As you'll see, Terry moved my quotes from "fits" to "big". And I agree with this edit and Terry's comment. While the question was admittedly awkward, there is a relevant point to be made: for the record, Don Garber, JC Morrison, Herb Reichert and Nori Komuro helped paint an important piece of the American audio picture.
"Don Garber has been an inspiration since I met him. He combines the finest minimalist circuits with inspired architecture and impeccable craftsmanship to create a musical experience unique in the home. As far as the "big" audio picture and how he fits? Not sure, and I would not think it matters. One thing is sure, he has captured my heart in his designs."
"I've been lucky to know a lot of amp designers over the years but Don Garber -- who has also amassed a significant body of work as a painter -- is one of the few real artists I've ever become close friends with. It's interesting to see him apply that aspect of his background to his work in audio. Just as looking at a man sitting on a park bench and looking at a photo of a man sitting on a park bench are two entirely different things -- the latter showing how our perspective is altered and added to by our drive to create and consume art -- so too are listening to a symphony orchestra and listening to a recording of one two completely different things. Don understands that and while he doesn't undervalue the need for hi-fi gear to be truthful to the original, he doesn't overvalue it either. His amps get to the heart of what he finds important in music, and I think that Don's priorities as a listener and mine overlap more than they clash. Which is good.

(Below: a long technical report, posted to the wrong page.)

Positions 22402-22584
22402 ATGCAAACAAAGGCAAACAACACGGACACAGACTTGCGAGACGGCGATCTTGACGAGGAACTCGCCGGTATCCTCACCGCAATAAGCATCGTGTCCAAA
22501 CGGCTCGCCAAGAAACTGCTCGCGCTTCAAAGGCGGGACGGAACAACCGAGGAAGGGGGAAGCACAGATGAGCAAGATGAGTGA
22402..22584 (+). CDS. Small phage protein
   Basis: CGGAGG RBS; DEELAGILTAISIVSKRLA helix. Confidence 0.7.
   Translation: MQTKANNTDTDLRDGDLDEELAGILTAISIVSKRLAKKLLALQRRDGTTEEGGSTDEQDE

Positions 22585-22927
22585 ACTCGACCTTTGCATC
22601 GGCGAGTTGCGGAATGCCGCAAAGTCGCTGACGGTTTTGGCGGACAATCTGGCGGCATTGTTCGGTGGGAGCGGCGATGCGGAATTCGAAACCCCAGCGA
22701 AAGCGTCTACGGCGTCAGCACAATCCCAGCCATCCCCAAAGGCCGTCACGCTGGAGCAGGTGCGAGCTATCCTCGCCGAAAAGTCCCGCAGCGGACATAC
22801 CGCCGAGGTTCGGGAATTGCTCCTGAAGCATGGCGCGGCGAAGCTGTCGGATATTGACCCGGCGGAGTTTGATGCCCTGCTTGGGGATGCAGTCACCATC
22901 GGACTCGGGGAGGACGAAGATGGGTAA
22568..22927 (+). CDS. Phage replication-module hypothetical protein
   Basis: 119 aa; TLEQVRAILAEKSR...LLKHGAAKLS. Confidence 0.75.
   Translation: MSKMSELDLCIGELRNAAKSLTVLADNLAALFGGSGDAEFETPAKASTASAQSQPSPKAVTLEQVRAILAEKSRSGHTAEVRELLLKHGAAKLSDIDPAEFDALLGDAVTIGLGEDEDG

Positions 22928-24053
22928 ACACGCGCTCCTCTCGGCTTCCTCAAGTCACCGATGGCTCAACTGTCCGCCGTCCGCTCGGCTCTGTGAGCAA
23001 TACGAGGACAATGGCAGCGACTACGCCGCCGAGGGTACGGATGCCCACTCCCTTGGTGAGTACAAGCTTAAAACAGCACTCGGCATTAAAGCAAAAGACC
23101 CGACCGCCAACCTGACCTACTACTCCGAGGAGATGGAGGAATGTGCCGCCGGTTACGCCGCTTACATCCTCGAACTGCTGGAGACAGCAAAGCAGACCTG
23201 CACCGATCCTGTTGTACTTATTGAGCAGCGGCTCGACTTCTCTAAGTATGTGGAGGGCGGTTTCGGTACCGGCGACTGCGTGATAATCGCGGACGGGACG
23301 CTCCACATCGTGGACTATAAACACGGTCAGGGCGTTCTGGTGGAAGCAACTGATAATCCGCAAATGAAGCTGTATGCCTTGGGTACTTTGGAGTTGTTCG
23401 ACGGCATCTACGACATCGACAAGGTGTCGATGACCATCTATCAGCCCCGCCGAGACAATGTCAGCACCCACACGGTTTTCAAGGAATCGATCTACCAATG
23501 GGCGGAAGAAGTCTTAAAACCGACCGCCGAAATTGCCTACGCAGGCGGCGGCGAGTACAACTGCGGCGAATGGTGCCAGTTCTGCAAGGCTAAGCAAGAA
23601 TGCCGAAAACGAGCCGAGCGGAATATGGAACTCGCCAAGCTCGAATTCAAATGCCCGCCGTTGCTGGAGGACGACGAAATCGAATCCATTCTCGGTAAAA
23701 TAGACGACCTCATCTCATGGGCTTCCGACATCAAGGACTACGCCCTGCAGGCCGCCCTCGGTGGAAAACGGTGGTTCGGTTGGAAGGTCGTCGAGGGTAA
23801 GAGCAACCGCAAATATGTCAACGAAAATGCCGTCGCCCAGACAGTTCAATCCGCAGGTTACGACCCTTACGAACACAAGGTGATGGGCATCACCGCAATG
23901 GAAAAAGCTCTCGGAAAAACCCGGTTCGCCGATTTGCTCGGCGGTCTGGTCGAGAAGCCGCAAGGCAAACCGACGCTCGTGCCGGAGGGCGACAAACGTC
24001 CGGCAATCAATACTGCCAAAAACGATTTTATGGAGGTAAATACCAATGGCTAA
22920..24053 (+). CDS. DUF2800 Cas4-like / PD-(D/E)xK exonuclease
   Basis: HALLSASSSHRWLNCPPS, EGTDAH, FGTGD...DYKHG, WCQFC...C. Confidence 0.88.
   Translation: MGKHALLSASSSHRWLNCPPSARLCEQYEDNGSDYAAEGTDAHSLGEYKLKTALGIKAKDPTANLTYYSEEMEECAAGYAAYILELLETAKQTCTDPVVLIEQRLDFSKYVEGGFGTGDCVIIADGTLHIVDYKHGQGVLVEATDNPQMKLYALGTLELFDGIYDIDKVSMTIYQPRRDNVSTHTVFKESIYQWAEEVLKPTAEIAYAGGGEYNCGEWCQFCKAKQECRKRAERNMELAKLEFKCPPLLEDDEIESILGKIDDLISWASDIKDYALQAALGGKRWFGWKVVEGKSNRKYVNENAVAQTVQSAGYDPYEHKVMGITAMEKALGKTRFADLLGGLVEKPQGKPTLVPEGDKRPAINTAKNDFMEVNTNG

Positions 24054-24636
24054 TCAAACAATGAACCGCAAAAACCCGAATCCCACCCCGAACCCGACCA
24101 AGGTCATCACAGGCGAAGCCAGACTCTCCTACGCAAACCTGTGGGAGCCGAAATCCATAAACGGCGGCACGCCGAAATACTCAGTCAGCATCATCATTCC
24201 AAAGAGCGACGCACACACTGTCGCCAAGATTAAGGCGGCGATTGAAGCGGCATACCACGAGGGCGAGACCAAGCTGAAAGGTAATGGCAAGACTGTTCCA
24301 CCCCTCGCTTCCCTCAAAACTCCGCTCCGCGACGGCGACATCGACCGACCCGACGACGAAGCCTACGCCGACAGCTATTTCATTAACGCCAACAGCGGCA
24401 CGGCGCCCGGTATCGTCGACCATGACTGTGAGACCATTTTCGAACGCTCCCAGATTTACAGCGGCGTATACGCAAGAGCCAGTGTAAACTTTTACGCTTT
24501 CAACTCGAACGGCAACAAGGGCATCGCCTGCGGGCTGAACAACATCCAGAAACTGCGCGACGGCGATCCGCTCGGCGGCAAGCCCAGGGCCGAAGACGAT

As a person, Don mixes seriousness of purpose with a real playfulness - a real sense of whimsy. He enjoys life, he adores his children, he loves his friends and he has a good time. Most of all, he doesn't take himself too seriously. And he has good taste in music, food and bourbon without being the least bit snobbish or condescending. (He's also frugal to a fault.)"
"I haven't gotten to know Don that well other than a quick chat here or a drink there. His brief but beautiful store Fi, down at 30 Watts Street however looms large in my memory as an important stop on the way to were I am now.